WD-40? No, we don't suggest it. Instead, do a search on WD-40 - read their own "History" page. You'll find the company was started in 1953, and began real production in 1958 - then grew to 7 employees sometime about 1960. A persistent rumor that Hammond "recommended" WD-40 is probably incorrect. We don't suggest any kind of cleaner which leaves a residue behind. We only use alcohol based, evaporating cleaner.
Electro-mechanical devices cannot last indefinitely without considerable, detailed, in-depth work, cleaning, and restoration. Hammond's production line closed down in 1974 - meaning that the most recent tonewheel Hammond is about 30 years old. Maybe this gives you something to think about.
ProKeys has developed a way to remove the majority of the accumulated dirt and residue. It's been really effective in resolving several "dead" generator problems. We have a special "generator bench" for this specific purpose, the generator remains upside down, blocked up level, and running continuously for 3 to 4 days - and occasionally longer - while we deep chemical clean all bearings, drive and tonewheel shafts, and oil wicks, then blast them dry with compressed air. 125 lbs. of compressed air moves a lot of dirt around, you'd be amazed at the mess this creates. We use a long hypodermic needle to get fresh oil directly where it's needed. Then we repeat this process several more times, drying and wetting the bearings until we're satisfied. Believe it or not, we actually use a medical stethoscope during this process to pinpoint specific bearings. We're able to chase down almost any noise, anywhere in the generator. While we're in there, we clean and demagnetize all the tonewheels. During this process, old oil is chemically reduced, removed, and fresh oiling takes place constantly.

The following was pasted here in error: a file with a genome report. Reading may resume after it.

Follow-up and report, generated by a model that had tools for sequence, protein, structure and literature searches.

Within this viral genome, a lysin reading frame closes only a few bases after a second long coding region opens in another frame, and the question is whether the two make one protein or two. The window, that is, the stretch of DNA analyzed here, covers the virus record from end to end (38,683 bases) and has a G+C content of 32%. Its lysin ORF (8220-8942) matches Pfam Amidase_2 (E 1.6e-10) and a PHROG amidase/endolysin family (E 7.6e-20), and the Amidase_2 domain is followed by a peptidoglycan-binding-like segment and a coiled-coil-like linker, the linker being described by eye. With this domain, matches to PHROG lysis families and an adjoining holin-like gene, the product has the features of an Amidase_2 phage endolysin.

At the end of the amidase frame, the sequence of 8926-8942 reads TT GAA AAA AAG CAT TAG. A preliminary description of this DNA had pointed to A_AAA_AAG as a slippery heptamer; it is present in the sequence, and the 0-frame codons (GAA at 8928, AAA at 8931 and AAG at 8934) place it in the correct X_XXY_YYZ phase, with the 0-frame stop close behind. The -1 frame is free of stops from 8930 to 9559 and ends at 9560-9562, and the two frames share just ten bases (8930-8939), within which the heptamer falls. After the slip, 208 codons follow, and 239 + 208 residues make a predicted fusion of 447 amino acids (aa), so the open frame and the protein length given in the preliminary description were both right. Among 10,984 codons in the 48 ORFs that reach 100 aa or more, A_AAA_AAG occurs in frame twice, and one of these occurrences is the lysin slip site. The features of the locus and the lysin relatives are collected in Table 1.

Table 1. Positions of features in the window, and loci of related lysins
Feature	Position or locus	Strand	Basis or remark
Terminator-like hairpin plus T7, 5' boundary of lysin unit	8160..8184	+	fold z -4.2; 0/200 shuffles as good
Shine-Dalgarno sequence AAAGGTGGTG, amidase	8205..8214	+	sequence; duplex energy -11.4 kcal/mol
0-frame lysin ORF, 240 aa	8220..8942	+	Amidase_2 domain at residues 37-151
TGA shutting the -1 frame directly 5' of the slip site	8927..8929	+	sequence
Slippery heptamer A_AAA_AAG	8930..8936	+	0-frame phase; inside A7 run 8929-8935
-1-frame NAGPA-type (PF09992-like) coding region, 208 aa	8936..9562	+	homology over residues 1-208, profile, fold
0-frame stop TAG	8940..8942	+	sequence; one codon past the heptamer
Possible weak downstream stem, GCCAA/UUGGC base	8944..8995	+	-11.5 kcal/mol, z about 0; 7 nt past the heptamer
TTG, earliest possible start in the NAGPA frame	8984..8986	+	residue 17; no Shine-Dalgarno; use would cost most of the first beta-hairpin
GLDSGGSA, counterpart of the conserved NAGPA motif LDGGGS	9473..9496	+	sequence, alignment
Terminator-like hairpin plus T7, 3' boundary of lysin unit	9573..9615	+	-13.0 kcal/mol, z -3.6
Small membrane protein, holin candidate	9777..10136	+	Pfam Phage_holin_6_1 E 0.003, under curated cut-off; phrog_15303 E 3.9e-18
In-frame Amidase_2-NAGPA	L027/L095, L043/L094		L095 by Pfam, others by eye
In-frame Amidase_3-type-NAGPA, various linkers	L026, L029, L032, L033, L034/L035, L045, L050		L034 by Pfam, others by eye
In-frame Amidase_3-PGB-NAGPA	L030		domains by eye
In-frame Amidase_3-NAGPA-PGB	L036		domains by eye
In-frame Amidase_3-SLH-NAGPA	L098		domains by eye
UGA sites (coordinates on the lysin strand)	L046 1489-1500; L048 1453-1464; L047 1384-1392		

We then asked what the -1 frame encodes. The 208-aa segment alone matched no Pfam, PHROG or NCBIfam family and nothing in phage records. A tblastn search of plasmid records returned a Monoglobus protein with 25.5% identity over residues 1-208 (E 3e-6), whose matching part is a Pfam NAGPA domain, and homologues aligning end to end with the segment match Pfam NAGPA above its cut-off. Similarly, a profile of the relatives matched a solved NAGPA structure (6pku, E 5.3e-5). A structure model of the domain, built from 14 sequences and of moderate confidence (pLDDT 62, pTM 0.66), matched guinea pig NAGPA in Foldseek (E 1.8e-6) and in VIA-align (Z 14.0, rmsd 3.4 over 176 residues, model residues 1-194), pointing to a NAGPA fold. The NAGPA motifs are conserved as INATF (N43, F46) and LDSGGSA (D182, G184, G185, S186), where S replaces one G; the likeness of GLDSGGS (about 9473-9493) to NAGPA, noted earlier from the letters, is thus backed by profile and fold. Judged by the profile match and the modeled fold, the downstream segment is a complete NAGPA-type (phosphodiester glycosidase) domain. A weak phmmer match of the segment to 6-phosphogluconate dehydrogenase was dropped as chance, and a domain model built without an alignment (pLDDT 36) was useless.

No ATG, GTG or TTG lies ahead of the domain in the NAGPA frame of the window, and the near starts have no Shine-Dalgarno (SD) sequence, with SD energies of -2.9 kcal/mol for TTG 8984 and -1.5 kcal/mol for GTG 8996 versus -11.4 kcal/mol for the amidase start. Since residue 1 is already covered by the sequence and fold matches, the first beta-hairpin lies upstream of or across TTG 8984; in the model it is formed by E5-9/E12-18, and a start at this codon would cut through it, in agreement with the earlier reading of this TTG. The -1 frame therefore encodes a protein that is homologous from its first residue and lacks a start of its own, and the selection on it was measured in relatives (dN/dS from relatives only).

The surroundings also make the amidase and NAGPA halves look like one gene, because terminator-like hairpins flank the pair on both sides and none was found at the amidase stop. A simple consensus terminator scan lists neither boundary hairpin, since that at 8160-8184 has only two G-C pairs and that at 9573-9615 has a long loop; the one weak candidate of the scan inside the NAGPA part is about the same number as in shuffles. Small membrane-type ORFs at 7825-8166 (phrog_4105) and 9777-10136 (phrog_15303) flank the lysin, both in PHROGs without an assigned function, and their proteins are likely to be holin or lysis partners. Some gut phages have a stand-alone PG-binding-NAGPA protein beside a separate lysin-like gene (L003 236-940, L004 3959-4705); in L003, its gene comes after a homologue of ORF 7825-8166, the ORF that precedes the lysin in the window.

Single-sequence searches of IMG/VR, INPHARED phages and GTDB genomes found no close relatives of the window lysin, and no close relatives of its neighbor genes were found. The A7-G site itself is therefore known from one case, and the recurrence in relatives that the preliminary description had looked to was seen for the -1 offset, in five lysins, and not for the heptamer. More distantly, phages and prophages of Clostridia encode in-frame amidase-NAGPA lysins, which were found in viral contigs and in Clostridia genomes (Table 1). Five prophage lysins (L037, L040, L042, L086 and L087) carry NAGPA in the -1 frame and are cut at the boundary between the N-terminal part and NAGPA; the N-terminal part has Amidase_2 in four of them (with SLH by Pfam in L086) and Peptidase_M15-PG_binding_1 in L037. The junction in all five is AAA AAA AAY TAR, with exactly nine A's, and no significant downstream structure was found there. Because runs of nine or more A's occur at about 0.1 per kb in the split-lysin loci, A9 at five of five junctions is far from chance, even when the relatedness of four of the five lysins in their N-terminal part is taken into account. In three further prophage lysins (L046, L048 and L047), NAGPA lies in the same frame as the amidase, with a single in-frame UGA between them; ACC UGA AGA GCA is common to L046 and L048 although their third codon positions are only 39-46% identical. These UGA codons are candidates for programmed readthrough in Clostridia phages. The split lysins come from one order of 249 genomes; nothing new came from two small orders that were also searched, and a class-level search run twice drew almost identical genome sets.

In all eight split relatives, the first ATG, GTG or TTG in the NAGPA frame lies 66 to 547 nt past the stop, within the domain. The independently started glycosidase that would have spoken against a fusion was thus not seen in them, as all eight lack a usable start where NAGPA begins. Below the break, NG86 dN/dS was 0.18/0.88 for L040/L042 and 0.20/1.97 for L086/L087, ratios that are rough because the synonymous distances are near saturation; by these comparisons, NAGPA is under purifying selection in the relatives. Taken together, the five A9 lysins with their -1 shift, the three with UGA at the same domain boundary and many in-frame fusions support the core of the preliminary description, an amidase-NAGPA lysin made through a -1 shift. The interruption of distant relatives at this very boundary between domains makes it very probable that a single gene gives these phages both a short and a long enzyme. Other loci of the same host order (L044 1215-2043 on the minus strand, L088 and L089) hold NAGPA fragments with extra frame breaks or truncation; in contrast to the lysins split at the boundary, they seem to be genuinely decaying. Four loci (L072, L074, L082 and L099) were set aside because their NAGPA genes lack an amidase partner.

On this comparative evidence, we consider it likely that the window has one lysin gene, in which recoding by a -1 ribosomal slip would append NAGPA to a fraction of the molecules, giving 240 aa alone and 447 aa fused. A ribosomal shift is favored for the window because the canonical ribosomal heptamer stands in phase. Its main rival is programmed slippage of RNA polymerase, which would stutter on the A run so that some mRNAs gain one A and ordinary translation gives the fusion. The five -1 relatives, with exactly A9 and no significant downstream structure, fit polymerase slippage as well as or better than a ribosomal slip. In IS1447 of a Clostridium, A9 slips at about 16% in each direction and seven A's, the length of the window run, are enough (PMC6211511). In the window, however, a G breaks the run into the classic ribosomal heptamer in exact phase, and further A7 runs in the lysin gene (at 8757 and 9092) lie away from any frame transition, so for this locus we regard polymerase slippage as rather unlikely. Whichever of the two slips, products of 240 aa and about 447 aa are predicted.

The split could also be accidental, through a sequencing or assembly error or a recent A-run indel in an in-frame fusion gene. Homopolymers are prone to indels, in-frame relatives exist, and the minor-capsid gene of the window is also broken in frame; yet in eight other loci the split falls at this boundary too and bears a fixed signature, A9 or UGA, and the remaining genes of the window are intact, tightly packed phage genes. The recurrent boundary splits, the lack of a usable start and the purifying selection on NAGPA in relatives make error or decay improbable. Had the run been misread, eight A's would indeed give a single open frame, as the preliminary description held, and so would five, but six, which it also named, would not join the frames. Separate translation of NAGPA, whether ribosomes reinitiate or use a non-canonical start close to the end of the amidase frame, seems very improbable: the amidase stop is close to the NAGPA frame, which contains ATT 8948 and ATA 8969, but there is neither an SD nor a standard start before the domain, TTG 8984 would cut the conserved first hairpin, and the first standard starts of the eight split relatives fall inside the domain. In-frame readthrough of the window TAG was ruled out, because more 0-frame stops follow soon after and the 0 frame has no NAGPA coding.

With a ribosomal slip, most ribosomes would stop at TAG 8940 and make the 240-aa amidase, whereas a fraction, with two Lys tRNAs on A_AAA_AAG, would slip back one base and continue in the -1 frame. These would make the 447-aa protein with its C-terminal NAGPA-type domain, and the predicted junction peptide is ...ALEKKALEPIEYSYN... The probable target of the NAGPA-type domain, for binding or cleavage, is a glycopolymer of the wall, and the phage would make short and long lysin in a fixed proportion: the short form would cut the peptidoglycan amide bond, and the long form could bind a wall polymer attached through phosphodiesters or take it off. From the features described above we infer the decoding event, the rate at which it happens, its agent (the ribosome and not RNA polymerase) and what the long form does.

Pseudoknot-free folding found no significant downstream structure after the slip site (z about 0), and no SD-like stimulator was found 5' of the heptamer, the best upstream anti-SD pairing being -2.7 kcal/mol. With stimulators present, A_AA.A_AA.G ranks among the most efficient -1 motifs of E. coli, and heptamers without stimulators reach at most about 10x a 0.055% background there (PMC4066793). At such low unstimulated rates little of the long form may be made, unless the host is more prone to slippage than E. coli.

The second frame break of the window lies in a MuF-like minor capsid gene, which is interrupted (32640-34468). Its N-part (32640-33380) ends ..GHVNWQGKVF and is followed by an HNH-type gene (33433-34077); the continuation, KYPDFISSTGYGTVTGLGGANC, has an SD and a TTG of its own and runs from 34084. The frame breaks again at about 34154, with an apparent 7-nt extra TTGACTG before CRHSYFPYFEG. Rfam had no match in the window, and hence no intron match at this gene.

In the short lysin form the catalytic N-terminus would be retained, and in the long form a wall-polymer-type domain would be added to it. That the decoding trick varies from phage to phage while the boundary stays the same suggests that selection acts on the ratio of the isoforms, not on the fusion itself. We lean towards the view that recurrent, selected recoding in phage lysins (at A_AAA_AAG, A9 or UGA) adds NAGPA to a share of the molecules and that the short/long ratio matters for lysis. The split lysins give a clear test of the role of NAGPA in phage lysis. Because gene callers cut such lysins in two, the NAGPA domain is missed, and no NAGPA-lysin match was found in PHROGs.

We ONLY use a crystal clear oil which we believe is far superior to any other type, including "official" Hammond oil, which we will no longer touch. When we're finished, the generator will come up to running speed within approximately 2 seconds. It's nearly inaudible from about 1' away.